Press release

Angry citizens egg José Manuel Barroso in Liège for his championing of harmful austerity policies

18 October 2013 by CADTM Belgium

On 17 October 2013 at the Theatre de Liège during the “Citizen Dialogue”, two European citizens confronted European Commission President José Manuel Barroso about the damage being inflicted on millions in Europe and outside as a result of his neoliberal policies. They finished their intervention by hurling eggs at the President, before peacefully leaving.

600 people had gathered in Liege’s new theatre to watch José Manuel Barroso, joined by Didier Reynders, Minister of Foreign and European Affairs, and Jean- Claude Marcourt, Walloon Minister of Economy and the higher Education, as they played out a comedia de la politica, apparently unaware of the suffering as a result of the current economic and social crisis.

At the heart of the symbolic act of civil disobedience was a rejection of the politics of austerity promoted by Barroso and his Commission, most notably as one third of the Troika Troika Troika: IMF, European Commission and European Central Bank, which together impose austerity measures through the conditions tied to loans to countries in difficulty.

(the Commission, IMF IMF
International Monetary Fund
Along with the World Bank, the IMF was founded on the day the Bretton Woods Agreements were signed. Its first mission was to support the new system of standard exchange rates.

When the Bretton Wood fixed rates system came to an end in 1971, the main function of the IMF became that of being both policeman and fireman for global capital: it acts as policeman when it enforces its Structural Adjustment Policies and as fireman when it steps in to help out governments in risk of defaulting on debt repayments.

As for the World Bank, a weighted voting system operates: depending on the amount paid as contribution by each member state. 85% of the votes is required to modify the IMF Charter (which means that the USA with 17,68% % of the votes has a de facto veto on any change).

The institution is dominated by five countries: the United States (16,74%), Japan (6,23%), Germany (5,81%), France (4,29%) and the UK (4,29%).
The other 183 member countries are divided into groups led by one country. The most important one (6,57% of the votes) is led by Belgium. The least important group of countries (1,55% of the votes) is led by Gabon and brings together African countries.
and European Central Bank Central Bank The establishment which in a given State is in charge of issuing bank notes and controlling the volume of currency and credit. In France, it is the Banque de France which assumes this role under the auspices of the European Central Bank (see ECB) while in the UK it is the Bank of England.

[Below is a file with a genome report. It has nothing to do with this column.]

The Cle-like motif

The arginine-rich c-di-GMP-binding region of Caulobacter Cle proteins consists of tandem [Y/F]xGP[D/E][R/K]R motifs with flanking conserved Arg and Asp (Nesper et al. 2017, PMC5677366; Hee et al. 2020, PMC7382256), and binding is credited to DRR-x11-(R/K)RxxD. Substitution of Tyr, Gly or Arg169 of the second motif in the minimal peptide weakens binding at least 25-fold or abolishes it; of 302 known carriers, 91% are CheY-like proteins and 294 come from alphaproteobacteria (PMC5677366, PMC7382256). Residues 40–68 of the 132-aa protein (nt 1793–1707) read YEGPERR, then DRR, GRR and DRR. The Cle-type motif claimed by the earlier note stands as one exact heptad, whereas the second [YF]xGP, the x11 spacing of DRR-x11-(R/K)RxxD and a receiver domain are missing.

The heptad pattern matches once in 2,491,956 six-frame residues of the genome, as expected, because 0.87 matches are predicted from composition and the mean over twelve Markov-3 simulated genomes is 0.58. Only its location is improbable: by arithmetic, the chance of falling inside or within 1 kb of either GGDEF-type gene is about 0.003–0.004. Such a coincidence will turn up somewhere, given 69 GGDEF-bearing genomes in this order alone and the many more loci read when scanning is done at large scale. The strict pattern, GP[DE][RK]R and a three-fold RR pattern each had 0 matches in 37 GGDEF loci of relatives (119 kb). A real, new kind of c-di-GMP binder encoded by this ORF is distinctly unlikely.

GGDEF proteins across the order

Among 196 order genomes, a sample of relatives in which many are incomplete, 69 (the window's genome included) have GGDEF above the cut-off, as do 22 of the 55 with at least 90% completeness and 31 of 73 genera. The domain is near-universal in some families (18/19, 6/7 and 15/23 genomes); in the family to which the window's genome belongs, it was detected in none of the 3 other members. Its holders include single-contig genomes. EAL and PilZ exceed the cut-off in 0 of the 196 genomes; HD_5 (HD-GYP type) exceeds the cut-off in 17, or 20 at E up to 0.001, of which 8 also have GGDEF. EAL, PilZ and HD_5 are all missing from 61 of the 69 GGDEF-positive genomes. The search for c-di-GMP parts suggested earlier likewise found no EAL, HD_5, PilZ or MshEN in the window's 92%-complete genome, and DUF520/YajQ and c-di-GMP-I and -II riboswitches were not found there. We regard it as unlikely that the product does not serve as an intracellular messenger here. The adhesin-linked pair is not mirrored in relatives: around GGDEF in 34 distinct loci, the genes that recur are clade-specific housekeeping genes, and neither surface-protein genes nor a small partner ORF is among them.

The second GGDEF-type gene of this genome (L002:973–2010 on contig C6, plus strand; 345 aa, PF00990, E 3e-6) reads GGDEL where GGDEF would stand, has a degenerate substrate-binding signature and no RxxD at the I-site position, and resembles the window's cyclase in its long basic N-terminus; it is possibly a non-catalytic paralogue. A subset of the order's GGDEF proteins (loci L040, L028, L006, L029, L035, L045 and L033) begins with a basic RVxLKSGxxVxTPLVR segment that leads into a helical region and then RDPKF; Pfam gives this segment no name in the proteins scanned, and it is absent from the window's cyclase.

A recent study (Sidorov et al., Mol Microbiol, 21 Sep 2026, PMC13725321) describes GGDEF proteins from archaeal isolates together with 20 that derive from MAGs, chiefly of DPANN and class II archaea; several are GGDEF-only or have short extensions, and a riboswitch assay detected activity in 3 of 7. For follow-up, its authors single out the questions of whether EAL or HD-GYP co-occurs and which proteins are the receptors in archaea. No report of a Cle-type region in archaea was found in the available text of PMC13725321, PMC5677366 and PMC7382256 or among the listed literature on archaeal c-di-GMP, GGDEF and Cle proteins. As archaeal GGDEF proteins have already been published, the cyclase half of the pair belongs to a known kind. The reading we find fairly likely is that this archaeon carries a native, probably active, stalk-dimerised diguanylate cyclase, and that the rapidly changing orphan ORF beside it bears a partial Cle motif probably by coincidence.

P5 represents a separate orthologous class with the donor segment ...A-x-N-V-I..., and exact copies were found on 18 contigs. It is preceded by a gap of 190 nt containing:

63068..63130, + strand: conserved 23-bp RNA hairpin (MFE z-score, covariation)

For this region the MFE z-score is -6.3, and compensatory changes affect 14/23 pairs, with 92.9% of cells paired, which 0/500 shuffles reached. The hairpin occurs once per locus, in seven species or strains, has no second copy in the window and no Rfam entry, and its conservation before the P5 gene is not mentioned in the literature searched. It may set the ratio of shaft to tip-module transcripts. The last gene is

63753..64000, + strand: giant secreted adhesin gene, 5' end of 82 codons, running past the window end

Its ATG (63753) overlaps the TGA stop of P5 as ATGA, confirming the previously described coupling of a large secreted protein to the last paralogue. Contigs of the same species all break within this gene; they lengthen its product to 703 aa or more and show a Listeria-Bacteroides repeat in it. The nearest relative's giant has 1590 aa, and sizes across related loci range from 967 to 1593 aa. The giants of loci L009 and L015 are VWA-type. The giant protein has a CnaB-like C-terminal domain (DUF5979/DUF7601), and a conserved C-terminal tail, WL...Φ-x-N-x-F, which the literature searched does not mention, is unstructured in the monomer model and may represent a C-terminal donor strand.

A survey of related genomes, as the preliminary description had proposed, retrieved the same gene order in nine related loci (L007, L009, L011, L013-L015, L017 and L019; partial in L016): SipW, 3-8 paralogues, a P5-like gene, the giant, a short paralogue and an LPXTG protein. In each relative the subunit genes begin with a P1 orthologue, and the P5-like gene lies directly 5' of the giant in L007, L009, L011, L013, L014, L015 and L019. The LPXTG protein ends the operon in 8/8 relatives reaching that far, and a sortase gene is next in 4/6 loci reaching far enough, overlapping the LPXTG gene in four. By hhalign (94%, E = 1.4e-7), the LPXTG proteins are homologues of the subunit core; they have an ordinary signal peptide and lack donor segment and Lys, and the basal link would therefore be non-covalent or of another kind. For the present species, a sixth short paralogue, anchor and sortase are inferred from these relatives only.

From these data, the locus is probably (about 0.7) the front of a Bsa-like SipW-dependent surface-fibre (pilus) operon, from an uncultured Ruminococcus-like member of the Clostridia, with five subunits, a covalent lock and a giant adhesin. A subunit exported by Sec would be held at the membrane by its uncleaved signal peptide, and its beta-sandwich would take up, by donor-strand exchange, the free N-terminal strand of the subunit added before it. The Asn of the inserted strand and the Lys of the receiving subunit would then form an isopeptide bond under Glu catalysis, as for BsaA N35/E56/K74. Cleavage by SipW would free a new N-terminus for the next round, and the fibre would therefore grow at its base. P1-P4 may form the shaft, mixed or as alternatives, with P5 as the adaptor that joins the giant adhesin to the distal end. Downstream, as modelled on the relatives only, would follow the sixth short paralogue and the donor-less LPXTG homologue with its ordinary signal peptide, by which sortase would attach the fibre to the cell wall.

), presenting austerity as the only path open to Europe’s already embattled citizens. Unemployment, increasing privatisation, cuts to public services and lowering of wages are all measures that are hitting ordinary citizens the hardest, while corporate profits soar above pre-crisis levels. The debt crisis is a crisis of the 1%, the banks, the financial world, the rich and large corporations, whose taxes have been drastically reduced over the past 20 years, starving the public finances of an important source of income. Has Barroso forgotten that this is not a crisis caused by the people and should not therefore be paid back by the people?

The two citizens also confronted Barroso on the criminality of Europe’s immigration policies, where recent tragic events in Lampedusa remind us of their callousness, as well as their unpopularity: Barroso was booed upon arrival to the small Mediterranean island. Militarised borders, expulsions, confinement, repression, shipwrecks and deaths are a reality of Europe today, far removed from the image of Europe of solidarity that President Barroso and his fellow players attempted to sell the public.

The eggs thrown at the President symbolised the despair held by farmers and concerned citizens at Europe’s agricultural policies. Belgian egg producers, like many across the continent, sell their eggs for a loss and can no long earn a living from their activities. Competitiveness, free trade, an industrial food retail sector and large agribusiness are socially and environmentally damaging models of development, and the new fiscal compact signed between member states, as well as the newly-launched EU-US free trade agreement, will only make things worse.

In front of the theatre some 200 people had gathered as part of the Liege Platform against the European Treaty of Stability, Coordination and Governance (aka the fiscal compact). The day before, the platform had addressed a letter to President Barroso, published in the Le Soir newspaper, entitled ‘Mr Barroso, your project for society is not welcome !’.

In his role as President of the European Commission, Barroso is the representative of European policies and has an important role to play, as his title suggests. Yet, while a recent Eurobarometer poll shows 95% of Europeans are against the policy of austerity being imposed on the population, those in charge remain deaf to their concerns. To make themselves heard and to defend another Europe, a Europe of the 99%, the two citizens took the slogan from the upcoming European elections to heart: Act, React, Impact.

Next steps against the fiscal compact in Liège: Monday 21 October, 2013, 18h in front of the hotel de Ville de Liège. [1]




8 rue Jonfosse
4000 - Liège- Belgique

00324 60 97 96 80